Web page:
University of Arkansas Begins Construction on new Student Residence Halls
Construction is underway on the University of Arkansas’ (the U of A) newest student residence halls, with the buildings scheduled to open in time for the fall 2019 semester. The Stadium Drive Residence Halls, which will be located south of Pomfret Hall and east of Bud Walton Arena, are the first new student housing additions on campus since Founders Hall opened in 2013. “The growth of our student body has stabilized in the past two years, but we still have a large unmet demand for on-campus student housing,” says Chancellor Joseph Steinmetz. “The investment that University Housing is making will help fill that need while also meeting several University of Arkansas priorities, including student success, innovative teaching and learning, creating a more collaborative campus and advancing the university’s land-grant and flagship mission of service to the state.”
Renderings: Leers Weinzapfel Associates, Modus Studio, Mackey Mitchell Architects
The new residence halls are conceived as a Living Learning Community, housing several multidisciplinary communities focused on architecture, interior design, landscape architecture, art, theatre, music and English. This will allow on-campus students to live alongside others who share their interests and participate in monthly activities that promote academic and personal success. The Living Learning Community will also provide unique access to faculty members and a variety of events and study groups.
A recording studio Flexible design, art and maker studio Classroom spaces Gallery spaces Music practice rooms Dance/movement/yoga studio, and interior and exterior performance spaces are all part of the community activity-friendly spaces that will be featured.
“We are committed to fostering a campus that embraces collaboration and interdisciplinary pursuits to stimulate innovation in teaching and learning,” says Jim Coleman, provost and executive vice chancellor for academic affairs. “With this Living Learning Community we will have several departments working together to provide students with a collaborative experience focused on design and the arts.”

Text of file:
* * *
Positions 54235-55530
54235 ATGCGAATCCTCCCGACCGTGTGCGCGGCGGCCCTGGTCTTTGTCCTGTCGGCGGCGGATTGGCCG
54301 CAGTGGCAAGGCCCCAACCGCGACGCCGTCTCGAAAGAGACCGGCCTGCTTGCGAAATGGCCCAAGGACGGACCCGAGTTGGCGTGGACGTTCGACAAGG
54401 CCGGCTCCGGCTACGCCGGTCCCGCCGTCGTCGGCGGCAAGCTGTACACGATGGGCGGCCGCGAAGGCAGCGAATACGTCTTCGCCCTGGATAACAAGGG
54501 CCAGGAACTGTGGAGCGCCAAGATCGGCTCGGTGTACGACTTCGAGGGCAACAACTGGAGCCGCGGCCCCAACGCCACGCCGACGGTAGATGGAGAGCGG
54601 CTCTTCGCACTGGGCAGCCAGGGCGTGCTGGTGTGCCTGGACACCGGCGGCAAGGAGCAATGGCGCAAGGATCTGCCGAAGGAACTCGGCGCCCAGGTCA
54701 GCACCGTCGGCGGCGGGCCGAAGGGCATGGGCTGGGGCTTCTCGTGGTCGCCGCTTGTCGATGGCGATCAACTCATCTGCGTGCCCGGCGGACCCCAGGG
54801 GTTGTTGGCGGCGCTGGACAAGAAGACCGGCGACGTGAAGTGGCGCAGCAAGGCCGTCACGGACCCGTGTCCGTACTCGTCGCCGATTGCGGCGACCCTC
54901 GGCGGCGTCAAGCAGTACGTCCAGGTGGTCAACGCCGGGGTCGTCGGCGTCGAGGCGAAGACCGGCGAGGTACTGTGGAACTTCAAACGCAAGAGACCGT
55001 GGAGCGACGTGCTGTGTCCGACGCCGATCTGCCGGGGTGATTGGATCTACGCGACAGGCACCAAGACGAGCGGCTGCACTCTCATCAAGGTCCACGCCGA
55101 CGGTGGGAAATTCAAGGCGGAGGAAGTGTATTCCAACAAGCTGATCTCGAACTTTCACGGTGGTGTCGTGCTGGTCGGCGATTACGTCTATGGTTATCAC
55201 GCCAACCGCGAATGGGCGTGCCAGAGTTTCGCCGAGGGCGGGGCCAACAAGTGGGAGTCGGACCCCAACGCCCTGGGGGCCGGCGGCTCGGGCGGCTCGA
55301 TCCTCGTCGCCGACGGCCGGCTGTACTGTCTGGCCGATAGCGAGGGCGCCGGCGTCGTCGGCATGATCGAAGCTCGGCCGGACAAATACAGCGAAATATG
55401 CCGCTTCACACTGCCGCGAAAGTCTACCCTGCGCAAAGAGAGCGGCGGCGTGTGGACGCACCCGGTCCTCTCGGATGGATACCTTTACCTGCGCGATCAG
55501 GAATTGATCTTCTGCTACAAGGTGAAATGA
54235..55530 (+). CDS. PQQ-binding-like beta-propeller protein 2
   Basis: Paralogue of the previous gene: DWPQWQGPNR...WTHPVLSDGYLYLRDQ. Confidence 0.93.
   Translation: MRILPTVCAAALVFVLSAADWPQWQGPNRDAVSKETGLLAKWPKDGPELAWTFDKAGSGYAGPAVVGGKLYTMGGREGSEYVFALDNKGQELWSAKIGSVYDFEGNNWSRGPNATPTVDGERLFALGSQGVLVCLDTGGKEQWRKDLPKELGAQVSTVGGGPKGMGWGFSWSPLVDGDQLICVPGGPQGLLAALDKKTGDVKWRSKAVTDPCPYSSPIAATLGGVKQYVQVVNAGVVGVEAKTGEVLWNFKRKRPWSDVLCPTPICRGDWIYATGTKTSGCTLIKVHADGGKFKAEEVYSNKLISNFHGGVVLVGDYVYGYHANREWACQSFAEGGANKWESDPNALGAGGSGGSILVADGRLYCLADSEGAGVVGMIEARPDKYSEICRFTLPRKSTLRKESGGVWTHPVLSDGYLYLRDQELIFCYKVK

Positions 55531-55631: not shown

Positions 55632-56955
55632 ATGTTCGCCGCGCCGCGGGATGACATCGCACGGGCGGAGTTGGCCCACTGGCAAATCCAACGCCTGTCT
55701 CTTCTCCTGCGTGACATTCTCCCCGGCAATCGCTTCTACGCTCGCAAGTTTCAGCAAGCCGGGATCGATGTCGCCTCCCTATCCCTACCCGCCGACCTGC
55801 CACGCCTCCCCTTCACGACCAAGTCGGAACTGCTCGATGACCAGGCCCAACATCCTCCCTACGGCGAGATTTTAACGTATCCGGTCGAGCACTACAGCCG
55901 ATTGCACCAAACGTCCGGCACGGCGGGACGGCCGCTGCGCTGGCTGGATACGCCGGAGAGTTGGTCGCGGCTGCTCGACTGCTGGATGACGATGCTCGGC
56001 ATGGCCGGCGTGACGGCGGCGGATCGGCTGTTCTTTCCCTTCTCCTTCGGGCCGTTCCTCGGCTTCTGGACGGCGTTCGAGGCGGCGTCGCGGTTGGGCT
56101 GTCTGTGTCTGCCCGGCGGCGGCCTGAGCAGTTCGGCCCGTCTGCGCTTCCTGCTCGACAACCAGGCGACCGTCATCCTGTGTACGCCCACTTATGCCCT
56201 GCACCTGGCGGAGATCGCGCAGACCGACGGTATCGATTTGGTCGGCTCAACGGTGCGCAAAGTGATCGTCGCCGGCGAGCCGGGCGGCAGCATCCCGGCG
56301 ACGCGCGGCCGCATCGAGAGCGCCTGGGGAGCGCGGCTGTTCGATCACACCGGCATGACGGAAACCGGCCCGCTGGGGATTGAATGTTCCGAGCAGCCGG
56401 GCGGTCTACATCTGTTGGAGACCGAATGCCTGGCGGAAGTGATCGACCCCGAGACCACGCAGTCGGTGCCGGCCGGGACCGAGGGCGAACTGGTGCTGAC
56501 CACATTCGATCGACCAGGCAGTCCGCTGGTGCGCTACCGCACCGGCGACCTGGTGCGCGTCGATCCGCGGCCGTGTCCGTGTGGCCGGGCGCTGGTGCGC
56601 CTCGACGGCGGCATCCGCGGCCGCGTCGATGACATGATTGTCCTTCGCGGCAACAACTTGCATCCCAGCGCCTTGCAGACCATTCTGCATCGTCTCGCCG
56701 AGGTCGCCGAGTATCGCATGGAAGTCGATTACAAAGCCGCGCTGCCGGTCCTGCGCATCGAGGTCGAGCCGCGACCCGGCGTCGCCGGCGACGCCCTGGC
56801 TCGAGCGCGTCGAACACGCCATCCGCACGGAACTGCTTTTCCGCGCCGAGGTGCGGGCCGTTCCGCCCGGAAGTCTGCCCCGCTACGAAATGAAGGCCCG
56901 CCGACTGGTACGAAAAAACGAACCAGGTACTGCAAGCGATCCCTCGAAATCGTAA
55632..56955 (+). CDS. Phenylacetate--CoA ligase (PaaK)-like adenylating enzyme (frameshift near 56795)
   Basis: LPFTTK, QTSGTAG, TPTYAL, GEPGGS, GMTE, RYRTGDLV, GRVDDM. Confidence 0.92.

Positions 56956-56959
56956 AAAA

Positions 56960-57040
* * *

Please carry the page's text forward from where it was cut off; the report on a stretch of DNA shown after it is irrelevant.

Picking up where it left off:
“Supporting student success is the U of A’s highest priority,” says Charles Robinson, vice chancellor for student affairs. “Studies have shown that students who live on campus tend to be more engaged in campus activities, more connected to campus resources, are more likely to succeed in the classroom, stay in school and graduate than students who live off campus.”
The endeavor is a collaborative effort engaging University of Arkansas Housing, Facilities Management, the J. William Fulbright College of Arts and Sciences, and the Fay Jones School of Architecture and Design. The project is also a design research initiative of the Fay Jones School.
The residential spaces in the Stadium Drive Residence Halls will each be five stories tall, with more than 200,000 square feet of total space, 368 residential rooms, extensive landscape design, residential kitchens on every other floor, exterior dining and study spaces and even covered hammock space. A community space called the Cabin connects the two residential halls.
The innovative project was conceived and designed by a design collective led by Leers Weinzapfel Associates of Boston; Modus Studio of Fayetteville; Mackey Mitchell Architects of St. Louis; and OLIN of Philadelphia. Nabholz Corporation of Rogers is the general contractor.
The project will include the first residence halls in the United States to use cross-laminated timber and they will be the first multi-story advanced-timber structures in the state of Arkansas. It is an innovation with a possible future economic impact for Arkansas.
“Cross-laminated timber—the most prevalent form of “mass timber”—is a form of ‘super-plywood,’ that is, massive panels made of layers of dimensioned lumber adhered at 90-degree angles to each other,” said Peter MacKeith, dean of the Fay Jones School. “The entire laminate meets structural, fire, seismic, health and other required building code specifications, as must any construction material—and possesses great versatility in design and construction applications. On top of that, wood is a renewable resource—forests can be sustainably managed, harvested and regrown.
“Equally important, this is a building material for the emerging North American market that is grown right here in Arkansas. The market for cross-laminated timber could potentially be a major factor in the economic growth of the Arkansas timber industry."
At this time, the state lacks a processing facility to produce cross laminated timber, but it is hoped that this will change in the future, as projects like the Stadium Drive Residence Halls create a demand for the material, fulfilling another of the University of Arkansas’ priorities: providing service to the state and the adding to the state’s economic development.